I am up bright and early this Tuesday morning hoping to get a head start on a long list of readings and class preparations. After a good cup of strong Dutch coffee and a brisk 15-minute bike ride from the city centre, I have planted myself in a seat in the stunning library building on the main Uithof campus. Yes, I feel a little bad for cheating on the perfectly lovely Law library just around the corner from my house in the city, but sometimes it’s better to get as far away from home as possible to get a solid day of work done.
Not to mention, the library on the main campus is a thing of beauty. With unconventional black walls, floor-to-ceiling windows pouring in light and an open-concept spacious six floors, it is the perfect study spot. The building is equipped with private study rooms, computer stations on every floor, silent areas (for the especially focused), printers, lockers and benches to lounge on.
Still, as beautiful as it is, why would I choose to spend my day off class in the library? The answer is simple: absolute necessity. Oh, and reading, lots of reading. Before you start to feel too sorry for me though, let me explain how the Dutch system works.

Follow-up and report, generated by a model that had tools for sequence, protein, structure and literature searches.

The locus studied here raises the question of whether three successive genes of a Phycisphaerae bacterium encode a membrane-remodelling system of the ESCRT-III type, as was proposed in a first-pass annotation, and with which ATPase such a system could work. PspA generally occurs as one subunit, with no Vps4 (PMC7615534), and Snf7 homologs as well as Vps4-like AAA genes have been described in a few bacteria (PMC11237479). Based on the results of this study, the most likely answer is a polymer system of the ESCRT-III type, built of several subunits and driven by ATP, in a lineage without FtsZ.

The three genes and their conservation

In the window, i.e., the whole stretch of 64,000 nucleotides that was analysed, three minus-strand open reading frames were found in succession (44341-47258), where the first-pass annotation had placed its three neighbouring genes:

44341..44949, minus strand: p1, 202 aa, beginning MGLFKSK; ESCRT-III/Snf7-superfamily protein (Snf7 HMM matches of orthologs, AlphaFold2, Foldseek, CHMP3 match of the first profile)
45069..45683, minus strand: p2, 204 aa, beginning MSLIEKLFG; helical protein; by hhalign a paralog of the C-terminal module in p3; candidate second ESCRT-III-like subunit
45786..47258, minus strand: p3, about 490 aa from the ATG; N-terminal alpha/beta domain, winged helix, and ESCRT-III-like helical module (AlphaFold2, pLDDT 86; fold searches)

The academic year is split into four different ‘blocks’, with each block consisting of about 10 weeks. This means there are two blocks per semester and each block has a fast-paced, rigorous program of two classes (three for the particularly brave).
This isn’t as daunting as it seems on first sight. The class schedule is set up so that there is plenty of time for self-study. I have a total of 7.5 hours of class time a week between my two classes. This may not seem like a lot and it certainly isn’t the class hours I was used to in my undergraduate degree, but it is meant to give me time to do the readings and preparation necessary to come to class and participate. On average, you’re expected to do approximately 16 hours a week of reading per class. Don’t worry, it is still possible to enjoy being an international student in this amazing city, it just takes a bit of good time management.
Let’s jump back to that word Dutch academics love: participation. The university system here is based on the ‘Polder model’ (working together) and places great emphasis on group work and participating. It is much better to speak up than to be a shrinking violet. For those who are really shy, there are sometimes other ways to participate such as bringing in relevant news articles.
The classes are divided into two types: ‘hoorcollege’ (lectures) and ‘werkcollege’ (tutorials). This means you’re not just being lectured to, but also working on specific problems and hypothetical situations with your classmates. This Friday, I will have my first work group consisting of a hypothetical law problem we must interpret and argue. Time to put that Polder model to the test!
Until the next time/ Tot de volgende keer!